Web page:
Yes: it was a decision to try to cut the bureaucracy within Sport England and to put the money directly into sports governing bodies, which we have done. We are working with county sports partnerships and local government. The regional sports bodies did well, but were not operating effectively and efficiently enough. That is why we made the change.
Those must be a matter for the BBC. It has plenty of senior managers who are well paid enough to make such decisions and account for them, without it being necessary for me to micro-manage salary levels for staff. I have always made it clear, including to the BBC, that we live in an age of transparency and accountability. We in this place have been through a painful process of moving towards that, which I welcome. In the long run it will do this place a great deal of good. I am not aware of any institution or organisation that has not benefited by being more open.
Ronaldo sold for £80 million, Manchester City effectively owned by a country and offering John Terry wages of £250,000 a week, and an English manager saying that every player in Scotland is available at a price: is it not time we had an investigation into the running and funding of British football?
My hon. Friend will know that is exactly why we wrote to the premier league, the Football League and the Football Association with a number of questions about the sustainability of football, together with issues around home-grown players. It is right for the Government to express the concern of ordinary fans and our communities about what is happening in football. The premier league is the best in the world and we want it to remain so, but we need transparency and sustainability. I shall be writing to the football authorities in the next few weeks to try to help move this thing forward, because there is great concern about the sustainability and viability of many football clubs.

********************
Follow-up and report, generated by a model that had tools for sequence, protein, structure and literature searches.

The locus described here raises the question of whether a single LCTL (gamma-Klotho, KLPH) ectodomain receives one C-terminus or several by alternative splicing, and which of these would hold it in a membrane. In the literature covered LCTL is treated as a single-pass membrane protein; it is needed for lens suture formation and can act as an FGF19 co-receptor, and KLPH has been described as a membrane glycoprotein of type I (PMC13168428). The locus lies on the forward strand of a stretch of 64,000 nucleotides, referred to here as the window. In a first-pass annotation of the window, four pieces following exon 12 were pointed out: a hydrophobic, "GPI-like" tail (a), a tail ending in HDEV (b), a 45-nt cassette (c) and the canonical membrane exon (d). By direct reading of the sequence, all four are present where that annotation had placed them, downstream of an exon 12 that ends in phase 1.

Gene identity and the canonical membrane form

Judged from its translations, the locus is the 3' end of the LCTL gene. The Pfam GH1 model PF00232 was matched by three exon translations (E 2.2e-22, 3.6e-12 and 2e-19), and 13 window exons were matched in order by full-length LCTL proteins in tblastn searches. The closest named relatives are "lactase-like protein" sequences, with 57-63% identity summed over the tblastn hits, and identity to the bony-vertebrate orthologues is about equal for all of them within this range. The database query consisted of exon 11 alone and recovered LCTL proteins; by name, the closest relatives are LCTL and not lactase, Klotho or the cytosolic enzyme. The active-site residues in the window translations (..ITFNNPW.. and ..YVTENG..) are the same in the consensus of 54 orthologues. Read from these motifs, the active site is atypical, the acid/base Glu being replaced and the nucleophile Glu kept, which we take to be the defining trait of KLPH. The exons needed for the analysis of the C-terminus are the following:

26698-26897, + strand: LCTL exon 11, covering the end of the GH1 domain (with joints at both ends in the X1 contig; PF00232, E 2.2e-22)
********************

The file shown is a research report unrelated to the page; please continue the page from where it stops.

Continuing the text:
Those conversations go on all the time. I urge Opposition Front Benchers not immediately to see parallels with foot and mouth, which involved a completely different set of circumstances. At the time, mistakes were made; too much of the countryside was closed down for the wrong reasons—partly because we were under pressure from the agricultural industry not to let people walk over land. In all the reviews of foot and mouth it has been acknowledged that that was a mistake At this stage, there is no suggestion that the swine flu epidemic need impact at all on tourism or on the sort of gatherings that my Department sponsors—sporting or cultural, or festivals. I was at two festivals over the weekend—[Hon. Members: “Which ones?”] Latitude and the wonderful Tolpuddle Martyrs festival. People should carry on leading their lives as normal.